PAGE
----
Predators-Senators Preview

The Nashville Predators have a chance to emulate their previous effort but want to produce a different result.

The Predators will look to keep unloading shots against an Ottawa team used to facing plenty of them while trying to put a few more past the Senators in Ontario on Saturday night.

Ottawa has allowed opponents 179 shots on goal through five games for a league-worst average of 35.8, a volume Nashville finally reached its last time out in what coach Peter Laviolette called his team's "best game of the year by a mile."

He also said it was the "worst result," though, as the Predators (3-1-0) suffered their first loss with Thursday's 4-3 defeat to the New York Islanders. After not surpassing 26 shots in their first three games, the Preds finished with 47 - the second-highest road total in franchise history.

Puck possession and a surplus of chances was a welcome sight for Laviolette, whose team ranked third in the NHL with 31.9 shots per game last season. Austin Watson and James Neal tallied their first goals of the season and Filip Forsberg put in his second.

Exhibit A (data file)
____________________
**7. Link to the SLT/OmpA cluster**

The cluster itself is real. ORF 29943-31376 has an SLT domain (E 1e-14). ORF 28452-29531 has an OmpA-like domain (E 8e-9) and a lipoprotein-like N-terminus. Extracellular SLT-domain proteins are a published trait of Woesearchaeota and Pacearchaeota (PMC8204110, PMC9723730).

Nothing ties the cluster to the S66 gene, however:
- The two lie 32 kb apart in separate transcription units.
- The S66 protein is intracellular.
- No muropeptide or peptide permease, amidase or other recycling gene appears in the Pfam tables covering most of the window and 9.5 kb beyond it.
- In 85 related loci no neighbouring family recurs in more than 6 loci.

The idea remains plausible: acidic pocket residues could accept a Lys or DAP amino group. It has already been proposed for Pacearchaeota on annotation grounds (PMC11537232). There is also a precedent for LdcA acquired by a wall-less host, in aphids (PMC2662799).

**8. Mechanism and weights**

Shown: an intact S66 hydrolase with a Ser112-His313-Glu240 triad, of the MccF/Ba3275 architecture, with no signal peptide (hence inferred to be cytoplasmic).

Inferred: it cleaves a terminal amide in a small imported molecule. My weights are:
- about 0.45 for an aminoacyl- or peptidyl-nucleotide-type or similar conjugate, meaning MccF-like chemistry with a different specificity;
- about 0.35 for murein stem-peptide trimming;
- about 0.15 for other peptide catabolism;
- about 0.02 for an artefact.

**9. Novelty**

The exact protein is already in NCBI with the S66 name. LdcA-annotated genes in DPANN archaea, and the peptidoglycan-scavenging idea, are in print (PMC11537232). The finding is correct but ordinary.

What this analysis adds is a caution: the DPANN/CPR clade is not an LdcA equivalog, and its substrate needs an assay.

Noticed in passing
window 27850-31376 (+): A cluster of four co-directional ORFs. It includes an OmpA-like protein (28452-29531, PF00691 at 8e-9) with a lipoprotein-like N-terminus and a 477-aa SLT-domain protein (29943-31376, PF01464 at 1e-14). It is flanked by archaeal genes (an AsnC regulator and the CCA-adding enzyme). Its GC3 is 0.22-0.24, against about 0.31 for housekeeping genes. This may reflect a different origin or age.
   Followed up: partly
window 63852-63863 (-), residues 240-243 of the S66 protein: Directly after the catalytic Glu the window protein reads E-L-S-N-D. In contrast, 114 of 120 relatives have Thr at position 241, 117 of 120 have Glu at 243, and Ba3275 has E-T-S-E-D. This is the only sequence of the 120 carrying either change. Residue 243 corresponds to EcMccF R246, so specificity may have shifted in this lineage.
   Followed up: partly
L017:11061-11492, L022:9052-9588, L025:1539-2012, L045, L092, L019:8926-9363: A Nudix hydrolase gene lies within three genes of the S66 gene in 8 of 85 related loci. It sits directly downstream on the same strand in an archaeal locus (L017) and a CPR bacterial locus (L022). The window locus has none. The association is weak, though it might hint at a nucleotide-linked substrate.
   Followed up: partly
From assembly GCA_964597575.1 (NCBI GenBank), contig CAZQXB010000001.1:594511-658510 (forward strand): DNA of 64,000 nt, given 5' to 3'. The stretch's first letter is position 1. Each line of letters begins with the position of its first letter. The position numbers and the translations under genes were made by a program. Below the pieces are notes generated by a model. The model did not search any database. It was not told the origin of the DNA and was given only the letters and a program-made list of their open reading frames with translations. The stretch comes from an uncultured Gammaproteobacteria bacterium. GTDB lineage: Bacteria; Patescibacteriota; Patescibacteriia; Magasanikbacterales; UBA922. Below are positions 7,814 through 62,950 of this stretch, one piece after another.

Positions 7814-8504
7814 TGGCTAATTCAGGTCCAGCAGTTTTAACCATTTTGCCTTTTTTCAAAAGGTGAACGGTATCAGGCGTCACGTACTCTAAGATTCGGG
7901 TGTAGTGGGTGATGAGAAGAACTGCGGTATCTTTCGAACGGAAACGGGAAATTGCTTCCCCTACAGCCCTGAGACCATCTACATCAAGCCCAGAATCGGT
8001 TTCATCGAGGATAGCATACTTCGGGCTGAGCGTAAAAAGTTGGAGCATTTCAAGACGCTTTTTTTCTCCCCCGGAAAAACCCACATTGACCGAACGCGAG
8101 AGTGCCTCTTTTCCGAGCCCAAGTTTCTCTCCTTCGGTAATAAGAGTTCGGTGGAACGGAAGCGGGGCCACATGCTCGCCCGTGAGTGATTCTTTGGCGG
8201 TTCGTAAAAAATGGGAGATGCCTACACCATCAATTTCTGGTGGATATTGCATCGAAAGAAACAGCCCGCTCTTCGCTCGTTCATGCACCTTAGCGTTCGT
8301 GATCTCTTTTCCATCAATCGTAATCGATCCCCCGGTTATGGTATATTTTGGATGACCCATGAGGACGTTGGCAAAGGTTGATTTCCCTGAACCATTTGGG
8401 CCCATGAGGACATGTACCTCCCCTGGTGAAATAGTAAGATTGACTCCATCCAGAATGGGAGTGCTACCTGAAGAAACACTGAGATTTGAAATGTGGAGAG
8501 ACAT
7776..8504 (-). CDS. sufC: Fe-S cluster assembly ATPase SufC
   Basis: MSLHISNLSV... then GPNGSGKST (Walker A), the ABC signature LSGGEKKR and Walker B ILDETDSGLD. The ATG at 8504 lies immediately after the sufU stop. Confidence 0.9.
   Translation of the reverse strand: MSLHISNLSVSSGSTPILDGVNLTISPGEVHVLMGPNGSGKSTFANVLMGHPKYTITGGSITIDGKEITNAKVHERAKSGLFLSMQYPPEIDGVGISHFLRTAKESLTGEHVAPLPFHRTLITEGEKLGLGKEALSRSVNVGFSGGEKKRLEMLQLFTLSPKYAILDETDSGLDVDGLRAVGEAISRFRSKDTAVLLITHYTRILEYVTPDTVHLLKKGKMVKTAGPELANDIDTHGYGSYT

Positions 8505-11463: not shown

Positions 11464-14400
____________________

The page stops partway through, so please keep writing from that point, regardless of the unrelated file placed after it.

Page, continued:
"I went over a lot of things and the guys knew we hadn't met our potential yet offensively," Laviolette told the team's official website. "We just reviewed some things and we were pretty quick in the neutral zone and in the offensive zone we hemmed them in and kept a lot of pucks alive."

Defense, though, was an issue for once. The Predators surrendered two goals through their first three wins but coughed up a pair to the Islanders in both the second and third periods.

Pekka Rinne looked ordinary for the first time as his goals-against average nearly tripled. Nashville's franchise leader in games played at goalie has been far from stellar against the Senators, going 3-3-0 with a 2.99 GAA which is his worst against any opponent besides Pittsburgh.

Ottawa (3-2-0) also lost Thursday, but it came from a far less impressive effort. A day after a seven-goal outburst in Columbus, the Senators fell flat in a 2-0 clunker in Pittsburgh.

The Senators only sent 22 shots toward the Penguins' Marc-Andre Fleury, who had allowed eight goals in three previous losses.

"We didn't make the adjustment and realize, OK we're not on our game tonight," coach Dave Cameron said. "We continued to try to put the square peg in the round hole."

Ottawa is 1 for 10 on the power play in the last three games. Nashville has killed 11 of its 12 shorthanded situations.

Craig Anderson has started four of the Senators' five games, faring well despite a high number of pucks sent his way. The Ottawa netminder has stopped 135 shots, including 36 on Wednesday, while allowing 10 goals for a .931 save percentage.

Anderson is 1-3-0 with a 3.54 GAA in his last five starts against Nashville.

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